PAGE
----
New Business (to Business) Models
The same technological changes that have upended publishing business models are providing new avenues for growth. Just ask B-to-B companies, poised to use big data, short-run printing, automated content creation, innovative product development and sophisticated list services to create new revenue. To hear some in the industry talk, there may never have been a better time for creating and implementing game-changing ideas than right now; yet, for the three publishers queried by Publishing Executive, it all comes down to variations on a very old theme: building relationships.
Connecting the Dots
Earl Heard became a publisher almost by accident. A trainer and human resources executive for the oil industry, Heard decided to break out on his own in the early 1980s, and noticed early on there was no publication reaching the audience he sought: human resources decision-makers across multiple industries in the oil and gas business.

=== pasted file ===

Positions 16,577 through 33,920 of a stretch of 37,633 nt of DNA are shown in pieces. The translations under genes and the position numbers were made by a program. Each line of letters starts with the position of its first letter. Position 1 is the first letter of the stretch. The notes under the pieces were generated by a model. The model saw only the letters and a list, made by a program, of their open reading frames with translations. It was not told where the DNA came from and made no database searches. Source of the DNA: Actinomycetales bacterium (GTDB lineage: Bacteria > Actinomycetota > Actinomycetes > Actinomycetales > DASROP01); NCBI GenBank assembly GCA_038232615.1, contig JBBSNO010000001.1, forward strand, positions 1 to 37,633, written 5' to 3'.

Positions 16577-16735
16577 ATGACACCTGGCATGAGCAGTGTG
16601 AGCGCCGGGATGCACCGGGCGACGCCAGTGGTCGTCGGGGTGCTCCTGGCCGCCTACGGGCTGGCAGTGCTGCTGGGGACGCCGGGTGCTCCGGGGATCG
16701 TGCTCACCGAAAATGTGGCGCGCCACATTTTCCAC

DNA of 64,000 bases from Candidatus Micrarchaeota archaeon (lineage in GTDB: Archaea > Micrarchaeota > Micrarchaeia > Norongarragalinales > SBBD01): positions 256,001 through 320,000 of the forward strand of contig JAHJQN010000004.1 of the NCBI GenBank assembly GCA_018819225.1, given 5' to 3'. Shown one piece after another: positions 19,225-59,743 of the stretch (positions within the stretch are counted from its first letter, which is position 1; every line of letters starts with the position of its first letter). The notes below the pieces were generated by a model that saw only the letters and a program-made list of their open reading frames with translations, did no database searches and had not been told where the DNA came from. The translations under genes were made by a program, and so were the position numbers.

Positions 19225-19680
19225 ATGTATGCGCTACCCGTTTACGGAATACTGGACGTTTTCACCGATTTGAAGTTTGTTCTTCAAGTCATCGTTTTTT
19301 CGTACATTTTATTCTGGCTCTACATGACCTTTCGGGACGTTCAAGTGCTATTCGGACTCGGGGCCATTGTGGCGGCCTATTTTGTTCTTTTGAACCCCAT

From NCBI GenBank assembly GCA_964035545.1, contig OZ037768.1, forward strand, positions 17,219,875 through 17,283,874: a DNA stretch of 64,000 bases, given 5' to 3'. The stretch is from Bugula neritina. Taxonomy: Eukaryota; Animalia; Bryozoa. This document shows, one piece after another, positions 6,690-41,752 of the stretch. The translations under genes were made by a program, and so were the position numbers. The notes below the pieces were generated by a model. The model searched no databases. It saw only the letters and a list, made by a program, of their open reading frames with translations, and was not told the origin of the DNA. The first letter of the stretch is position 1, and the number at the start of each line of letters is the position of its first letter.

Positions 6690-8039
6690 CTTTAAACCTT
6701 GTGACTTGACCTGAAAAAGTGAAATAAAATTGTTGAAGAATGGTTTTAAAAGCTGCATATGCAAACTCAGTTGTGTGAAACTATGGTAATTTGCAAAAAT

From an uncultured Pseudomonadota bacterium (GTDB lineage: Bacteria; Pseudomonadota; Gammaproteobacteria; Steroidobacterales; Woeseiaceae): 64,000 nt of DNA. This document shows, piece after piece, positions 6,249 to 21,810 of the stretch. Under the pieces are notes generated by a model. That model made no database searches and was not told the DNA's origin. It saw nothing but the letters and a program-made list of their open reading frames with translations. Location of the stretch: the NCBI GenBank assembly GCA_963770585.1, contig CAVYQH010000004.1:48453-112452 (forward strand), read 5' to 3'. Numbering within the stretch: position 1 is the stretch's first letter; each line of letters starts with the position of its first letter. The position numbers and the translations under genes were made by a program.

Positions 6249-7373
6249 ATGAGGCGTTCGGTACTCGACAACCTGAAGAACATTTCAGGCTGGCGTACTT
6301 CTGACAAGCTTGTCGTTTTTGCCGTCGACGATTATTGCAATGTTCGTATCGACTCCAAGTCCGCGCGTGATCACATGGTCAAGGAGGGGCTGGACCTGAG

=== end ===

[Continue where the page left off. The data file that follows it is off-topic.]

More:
"In the energy sector all the big publications have vertical magazines—one for drilling, one for pipelines, marine, terminals, etc.," Heard says. "We came out with one that was horizontal."
What started as a newsletter would grow into a profitable magazine and company, BIC Alliance, and Heard eventually abandoned the training business to become a full-time publisher. His business acumen and knowledge of the Gulf Coast oil industry led him to try some unorthodox ideas for creating revenue, such as selling the cover of the magazine to sponsors.
"People said it would not work," he says, "but I said if the content is strong enough on the inside people don't care, especially if it's a trade publication."
In addition to selling covers, BIC Alliance now has 350 clients using the magazine as a third-party newsletter, marketing partners who use the publication multiple times a year for campaigns. The upshot? "We are probably the most profitable small trade publication in America," Heard surmises.